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The play Othello, by Shakespeare is set in Venice.

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Angela Lau Shakespeare 354 Emily Sherwood March 1, 2006 The play Othello, by Shakespeare is set in Venice, a time in which it was ruled by a Venetian state that believed it represented Christian order. As revealed throughout the play, the society itself was primarily concerned with rank, race, gender and status. Because many of the ideals the society held are fundamentally prejudice, Othello is instinctively cast as an outsider. He is an outsider culturally because he is Moroccan, and racially because he is a black man within a white Venetian society. A fairly racist society is revealed in the opening lines of Othello through three of the plays central characters. Iago and Roderigo never refer to Othello by name in the first scene. Instead they consistently refer to him as, "the Moor", "thick lips", "an old black ram" and "Barbary horse". Brabantio's racism is revealed in his reaction to the account of Desdemona and Othello's sexual activities and marriage. Perhaps, Othello and the audience became very aware of his displacement and the underlying racism within the society when Brabantio quickly turned from friend to foe. ...read more.


Othello consistently refers to Iago as "honest Iago" because he appears to be honest to Othello and therefore believes that he is. However, Iago's view on honesty is much more cynical, and has said, "pricked to't by foolish honesty and love", deeming what are perhaps Othello's best attributes foolish. The Duke of Venice uses Othello to defend Venice and Cyprus, but would undoubtedly dismiss him once proven useless because in the opening scenes the only reason they dismiss Brabantios accusations is because they'll need him to defend Cyprus. His exploitation reflects the type of manipulative society Shakespeare is trying to portray and is more obvious in Iago's exploitation of Othello's innocence and betrayal of his trust. Iago sees Othello's honesty and innocence as a weakness, so instead of working to preserve Othello's trust he seeks to exploit it, he uses it to destroy him. The fact that Othello is uncertain about Venetian culture and even more so in regards to women, Iago lies about Venetian women and their dishonesty and lack of moral values because he knows that Othello has no evidence to disprove his allegations. ...read more.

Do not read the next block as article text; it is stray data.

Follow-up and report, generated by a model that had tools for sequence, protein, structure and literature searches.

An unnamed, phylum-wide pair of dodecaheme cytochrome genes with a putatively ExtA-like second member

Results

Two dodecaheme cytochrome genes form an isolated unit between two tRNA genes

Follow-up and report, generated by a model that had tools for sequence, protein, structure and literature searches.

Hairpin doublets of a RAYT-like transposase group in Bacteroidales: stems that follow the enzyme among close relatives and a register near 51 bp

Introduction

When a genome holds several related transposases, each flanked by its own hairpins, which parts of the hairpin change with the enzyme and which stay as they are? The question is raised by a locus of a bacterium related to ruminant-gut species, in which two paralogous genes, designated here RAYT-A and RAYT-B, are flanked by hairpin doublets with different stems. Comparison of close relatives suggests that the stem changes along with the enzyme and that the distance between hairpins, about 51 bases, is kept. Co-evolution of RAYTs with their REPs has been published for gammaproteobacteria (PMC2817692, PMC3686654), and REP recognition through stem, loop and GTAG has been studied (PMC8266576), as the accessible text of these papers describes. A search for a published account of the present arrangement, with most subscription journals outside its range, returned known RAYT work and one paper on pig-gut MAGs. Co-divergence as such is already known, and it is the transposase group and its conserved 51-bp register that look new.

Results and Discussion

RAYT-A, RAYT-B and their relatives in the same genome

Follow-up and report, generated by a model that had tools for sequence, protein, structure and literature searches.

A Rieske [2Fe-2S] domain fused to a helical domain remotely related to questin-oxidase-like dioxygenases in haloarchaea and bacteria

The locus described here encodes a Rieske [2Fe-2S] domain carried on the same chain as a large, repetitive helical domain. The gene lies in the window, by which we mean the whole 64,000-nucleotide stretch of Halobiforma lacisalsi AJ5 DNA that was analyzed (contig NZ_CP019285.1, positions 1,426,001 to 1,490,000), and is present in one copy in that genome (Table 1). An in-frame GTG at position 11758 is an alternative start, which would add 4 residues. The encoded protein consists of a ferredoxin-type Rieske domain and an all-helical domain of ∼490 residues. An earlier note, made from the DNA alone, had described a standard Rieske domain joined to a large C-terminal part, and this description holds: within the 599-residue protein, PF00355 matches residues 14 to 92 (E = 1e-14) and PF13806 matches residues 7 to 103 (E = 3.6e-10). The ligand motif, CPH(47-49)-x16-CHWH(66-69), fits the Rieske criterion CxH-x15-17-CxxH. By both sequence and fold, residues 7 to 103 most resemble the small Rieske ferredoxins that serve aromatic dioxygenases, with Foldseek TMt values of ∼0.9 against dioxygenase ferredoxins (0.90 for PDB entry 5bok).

Othello accepts what he believes to be the truth unquestioningly. In Act III, we can witness Othello's rather quick deterioration. Due to Iago's relentless manipulation and deception Othello becomes a victim of deceit and in the end he loses himself. In the beginning of the play, Othello exudes confidence and eloquence in speech. By the end of Act V, he like the Venetians requires "ocular proof" adopting some of the European culture that dominated that period. Iago and the Venetian society gradually eat away at what goodness he possessed. Once a man of fantastic stories, he is eventually reduced to mad rants and seizures. Othello is essentially the story of a proud, intelligent, heroic, loving and patient outsider who is destroyed by pure evil, personified in Iago. Perhaps Shakespeare's message is that what little goodness there is within cruel societies can be destroyed. That evil exists in all forms and all societies despite the appearance of order and harmony. I believe that his message is that even though evil within a society can reek havoc upon one's mind and dictate one's actions it can not corrupt a pure heart. Evidence to which can be found in Othello's last words when he returns to his world stories. ?? ?? ?? ?? 3 1 ...read more.

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